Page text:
Meanwhile, the company is in the process of buying Enbridge's (NYSE:ENB) natural gas gathering and processing business in Western Canada. One of the draws of these assets is the potential for Brookfield to expand the system as production in the region grows in the future.
That growth potential is why Brookfield wants to continue acquiring North American midstream assets. Pollock noted this massive opportunity set on the call by pointing out that:
The scale of the North American natural gas market is unparalleled given the massive transformation we've seen over the last 10 years. Both supply and demand are at all-time highs, requiring substantial amounts of infrastructure to help move and store gas. We believe that there is approximately $150 billion of energy infrastructure investment opportunities in the U.S. alone. This is comprised of roughly $100 billion of capital required for midstream development through 2021 with the balance representing potential investments in MLPs, many of whom are seeking structural simplification. This has created a large pipeline of prospective transactions of scale through corporate carve-outs, partnerships, and privatizations. In the coming years, we are optimistic about our ability to continue to grow our presence in the energy sector.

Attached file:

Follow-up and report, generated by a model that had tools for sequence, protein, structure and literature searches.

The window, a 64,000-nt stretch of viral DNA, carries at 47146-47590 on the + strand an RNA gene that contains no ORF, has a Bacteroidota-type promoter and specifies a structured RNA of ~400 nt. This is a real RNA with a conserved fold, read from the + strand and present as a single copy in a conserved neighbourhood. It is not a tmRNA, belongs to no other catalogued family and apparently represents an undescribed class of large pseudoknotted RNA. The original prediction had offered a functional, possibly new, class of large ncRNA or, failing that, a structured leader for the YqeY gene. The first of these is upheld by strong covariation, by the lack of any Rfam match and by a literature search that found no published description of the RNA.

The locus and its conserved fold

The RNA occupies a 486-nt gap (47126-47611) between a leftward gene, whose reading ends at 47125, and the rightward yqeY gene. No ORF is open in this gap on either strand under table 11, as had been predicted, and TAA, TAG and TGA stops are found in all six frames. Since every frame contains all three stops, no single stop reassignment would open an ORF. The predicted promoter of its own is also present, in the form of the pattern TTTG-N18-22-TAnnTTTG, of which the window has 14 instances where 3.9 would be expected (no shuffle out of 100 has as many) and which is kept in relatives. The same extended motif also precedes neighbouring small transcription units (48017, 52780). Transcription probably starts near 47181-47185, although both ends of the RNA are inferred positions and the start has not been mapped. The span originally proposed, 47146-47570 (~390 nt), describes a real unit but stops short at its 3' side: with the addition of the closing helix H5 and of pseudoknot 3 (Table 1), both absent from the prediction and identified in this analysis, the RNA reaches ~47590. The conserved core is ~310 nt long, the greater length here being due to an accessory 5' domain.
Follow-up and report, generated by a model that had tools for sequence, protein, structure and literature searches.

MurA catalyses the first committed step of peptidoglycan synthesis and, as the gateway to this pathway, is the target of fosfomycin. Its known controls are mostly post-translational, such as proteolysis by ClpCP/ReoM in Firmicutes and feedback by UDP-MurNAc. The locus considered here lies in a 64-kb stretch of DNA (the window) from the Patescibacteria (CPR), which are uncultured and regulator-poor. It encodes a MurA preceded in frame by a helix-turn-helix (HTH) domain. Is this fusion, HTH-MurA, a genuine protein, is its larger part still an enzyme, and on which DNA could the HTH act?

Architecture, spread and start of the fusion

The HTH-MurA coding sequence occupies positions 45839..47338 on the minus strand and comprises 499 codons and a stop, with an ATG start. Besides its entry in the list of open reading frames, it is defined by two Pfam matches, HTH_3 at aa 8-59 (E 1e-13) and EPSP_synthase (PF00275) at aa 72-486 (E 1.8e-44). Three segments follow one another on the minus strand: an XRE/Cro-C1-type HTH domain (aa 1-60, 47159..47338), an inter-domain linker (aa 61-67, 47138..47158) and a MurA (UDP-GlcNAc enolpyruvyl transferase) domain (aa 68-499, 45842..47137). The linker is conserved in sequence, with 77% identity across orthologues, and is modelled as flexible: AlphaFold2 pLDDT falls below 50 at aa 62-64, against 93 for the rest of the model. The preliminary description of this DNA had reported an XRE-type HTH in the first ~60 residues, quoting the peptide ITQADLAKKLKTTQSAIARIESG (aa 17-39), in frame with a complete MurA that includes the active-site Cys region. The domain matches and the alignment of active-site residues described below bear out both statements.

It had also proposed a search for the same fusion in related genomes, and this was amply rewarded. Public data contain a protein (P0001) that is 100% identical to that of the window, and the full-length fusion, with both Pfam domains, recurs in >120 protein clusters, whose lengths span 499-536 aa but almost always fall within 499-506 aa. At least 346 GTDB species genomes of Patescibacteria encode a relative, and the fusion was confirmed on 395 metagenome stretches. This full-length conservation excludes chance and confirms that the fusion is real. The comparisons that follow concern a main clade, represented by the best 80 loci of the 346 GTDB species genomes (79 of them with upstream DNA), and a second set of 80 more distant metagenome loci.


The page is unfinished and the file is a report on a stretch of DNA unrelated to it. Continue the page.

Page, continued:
Those comments seem to indicate that Brookfield could be an active acquirer of U.S. midstream assets.
3. Brookfield makes a great owner for these assets
The CEO concluded his remarks on why Brookfield wants to continue investing in the midstream sector by stating that: "We are a well-established owner and operator. With almost 40 years of energy investment experience across Brookfield, we have deep institutional knowledge and access to market intelligence, which provides us with a competitive edge in identifying discrete opportunities."
Unlike many institutional investors in the sector like private equity or pension funds, Brookfield owns and operates midstream assets. The company believes that this provides it with a competitive advantage over those financial buyers because it can leverage its deep industry knowledge to find the best midstream investment opportunities, which should enable it to generate higher returns over the long term.
Expect midstream to become a major growth driver
While Brookfield Infrastructure's diversification enables it to make acquisitions across several different asset classes and geographies, it sees a big opportunity to invest in the U.S. midstream segment. Because of that, investors shouldn't be surprised if the company makes more deals in that sector in the coming years. That would enable Brookfield to add more great infrastructure assets to its portfolio, which should drive strong growth and returns in the future.
Matthew DiLallo owns shares of Brookfield Infrastructure Partners, Enbridge, and Kinder Morgan. The Motley Fool owns shares of and recommends Kinder Morgan. The Motley Fool recommends Brookfield Infrastructure Partners and Enbridge. The Motley Fool has a disclosure policy.